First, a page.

For example, Section 4.4 calls for increased research and development of new and renewable energy technologies and industries. Section 4.1 establishes a goal of:

providing and leveraging, in a way that ensures that the public receives appropriate ownership stakes and returns on investment, adequate capital (including through community grants, public banks, and other public financing), technical expertise, supporting policies, and other forms of assistance to communities, organizations, Federal, State, and local government agencies, and businesses working on the Green New Deal mobilization ….

In the past, the government has created valuable knowledge and technical expertise, and turned it over to the private sector to exploit at no or very little cost. Not only that, but there were no price controls to protect the consumers who are, of course, working class, not capitalists. This source of profit dries up under the Green New Deal. Capital is not permitted to impose excessive prices as it routinely has, for example in the drug business.

Section 4.5 adds this:

directing investments to spur economic development, deepen and diversify industry in local and regional economies, and build wealth and community ownership, while prioritizing high-quality job creation and economic, social, and environmental benefits in frontline and vulnerable communities that may otherwise struggle with the transition away from greenhouse gas intensive industries;

In the past, capital has invested where it chose for its own reasons. Capitalists use that power to extract tax preferences from state and local governments. Or they choose to locate in places with compliant, meaning non-union, workers, who are much easier to exploit. Section 4.5 seeks to change that. Section 4.7 calls for better jobs with higher pay. Section 4.6 insists on deep involvement of the community in planning for reaching the goals of the Green New Deal.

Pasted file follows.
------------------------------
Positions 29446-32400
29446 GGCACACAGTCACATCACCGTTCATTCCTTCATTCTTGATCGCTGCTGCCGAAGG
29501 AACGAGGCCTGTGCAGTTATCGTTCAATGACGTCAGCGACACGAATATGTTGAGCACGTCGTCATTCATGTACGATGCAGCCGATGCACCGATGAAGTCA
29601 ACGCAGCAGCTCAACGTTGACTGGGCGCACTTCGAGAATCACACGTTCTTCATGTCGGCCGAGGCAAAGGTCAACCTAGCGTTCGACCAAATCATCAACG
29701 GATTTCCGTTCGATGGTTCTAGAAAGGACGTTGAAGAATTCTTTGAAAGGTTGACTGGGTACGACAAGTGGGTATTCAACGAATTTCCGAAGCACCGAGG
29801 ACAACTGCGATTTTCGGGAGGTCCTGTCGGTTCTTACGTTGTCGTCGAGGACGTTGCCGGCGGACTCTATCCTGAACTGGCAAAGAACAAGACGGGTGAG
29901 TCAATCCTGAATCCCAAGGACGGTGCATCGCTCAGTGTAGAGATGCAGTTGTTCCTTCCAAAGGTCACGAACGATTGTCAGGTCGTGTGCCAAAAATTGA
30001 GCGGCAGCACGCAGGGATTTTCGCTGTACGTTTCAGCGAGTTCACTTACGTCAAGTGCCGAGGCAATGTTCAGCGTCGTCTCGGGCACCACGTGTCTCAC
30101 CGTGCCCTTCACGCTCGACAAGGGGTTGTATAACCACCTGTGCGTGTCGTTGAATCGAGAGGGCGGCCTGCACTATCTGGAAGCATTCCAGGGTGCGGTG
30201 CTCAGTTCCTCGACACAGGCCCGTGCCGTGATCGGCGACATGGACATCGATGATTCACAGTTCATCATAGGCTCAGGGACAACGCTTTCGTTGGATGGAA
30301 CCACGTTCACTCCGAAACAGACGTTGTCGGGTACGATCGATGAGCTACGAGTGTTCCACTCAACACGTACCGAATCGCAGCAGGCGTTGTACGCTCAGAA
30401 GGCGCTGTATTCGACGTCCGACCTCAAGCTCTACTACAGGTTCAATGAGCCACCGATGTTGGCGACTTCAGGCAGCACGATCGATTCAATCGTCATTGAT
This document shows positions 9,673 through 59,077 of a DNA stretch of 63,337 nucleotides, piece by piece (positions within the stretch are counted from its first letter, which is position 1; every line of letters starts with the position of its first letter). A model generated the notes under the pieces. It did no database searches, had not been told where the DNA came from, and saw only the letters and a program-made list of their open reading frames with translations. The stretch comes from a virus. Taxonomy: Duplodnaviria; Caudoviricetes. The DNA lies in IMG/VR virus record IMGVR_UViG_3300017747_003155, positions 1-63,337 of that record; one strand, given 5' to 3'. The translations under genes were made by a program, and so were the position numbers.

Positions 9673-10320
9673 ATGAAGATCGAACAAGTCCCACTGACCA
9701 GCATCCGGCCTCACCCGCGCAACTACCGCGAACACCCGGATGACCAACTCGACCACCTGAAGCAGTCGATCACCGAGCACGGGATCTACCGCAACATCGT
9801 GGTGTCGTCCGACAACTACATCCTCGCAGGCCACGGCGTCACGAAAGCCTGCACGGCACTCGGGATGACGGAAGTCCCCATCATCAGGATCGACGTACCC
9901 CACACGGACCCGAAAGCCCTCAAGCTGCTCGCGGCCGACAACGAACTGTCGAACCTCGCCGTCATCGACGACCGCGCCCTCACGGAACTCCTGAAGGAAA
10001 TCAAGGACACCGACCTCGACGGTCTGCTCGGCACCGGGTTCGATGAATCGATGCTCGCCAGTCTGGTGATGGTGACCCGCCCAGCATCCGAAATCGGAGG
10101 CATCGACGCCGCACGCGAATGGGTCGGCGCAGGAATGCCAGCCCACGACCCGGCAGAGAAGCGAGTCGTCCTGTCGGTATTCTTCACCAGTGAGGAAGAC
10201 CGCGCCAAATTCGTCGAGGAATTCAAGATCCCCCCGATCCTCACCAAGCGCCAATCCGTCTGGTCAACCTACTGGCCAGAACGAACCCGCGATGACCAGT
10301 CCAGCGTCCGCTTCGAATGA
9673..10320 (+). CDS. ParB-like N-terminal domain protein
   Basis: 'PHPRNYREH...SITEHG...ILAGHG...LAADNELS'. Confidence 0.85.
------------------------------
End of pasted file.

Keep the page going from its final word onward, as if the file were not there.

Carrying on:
Taken together, these provisions should lead to a more resilient economy by spreading work and production across the nation. It’s true that the Green New Deal will reduce the freedom of capital to invest for its own benefit without regard to the costs it imposes on workers and society,and perhaps lower returns. Politically, making the economy work for everyone should be seen by the vast majority as a more important goal.

Until now, wealthier people, not all capitalists, have acted to ensure that factories, refineries, and other heavy polluters are kept in poor communities. The Green New Deal calls for moving to cleaner energy and production, and offers a path to that future. It also calls for cleaning up the mess the capitalists have imposed on society. It requires industry to go green as well, reducing pollution and damage to the people nearby. Thanks to the requirement for heavy community involvement, the balance of power related to the location of work should shift towards the working class. This, we can hope, will lead to a healthier and happier population.

It will also affect the profitability of some businesses because it forces capital to eat costs it has imposed on people and on the environment for decades. But the cost of improvements will be partly offset by government contributions of technology, financial assistance, and technical support under Section 4.1. And following Econ 101 logic, forcing capital to internalize all of its costs improves market outcomes by making the costs of production obvious.

The good things offered by the Green New Deal are not enough for the capitalists. They have always had their way, and they won’t give up without a fight. They’ve already started operating their most trusted tool: Shrieking About Socialism. I’ll look at that next.

Thursday: Move

Need something easy on the nerves today, something mellow, and yet something that won’t let a listener off too lightly. Guess for today that’s John Legend’s Tiny Desk Concert.

I promised reindeer tales today, haven’t forgotten.

From Anthrax to Zombies

  • First outbreak in 75 years forces evacuation of reindeer herders (The Siberian Times) — The last outbreak in the Siberian tundra was in 1941; news of this outbreak broke across mainstream media this past week, with some outlets referring to it as a “zombie” infection since it came back from dormancy, likely rising from a long-dead human or animal corpse.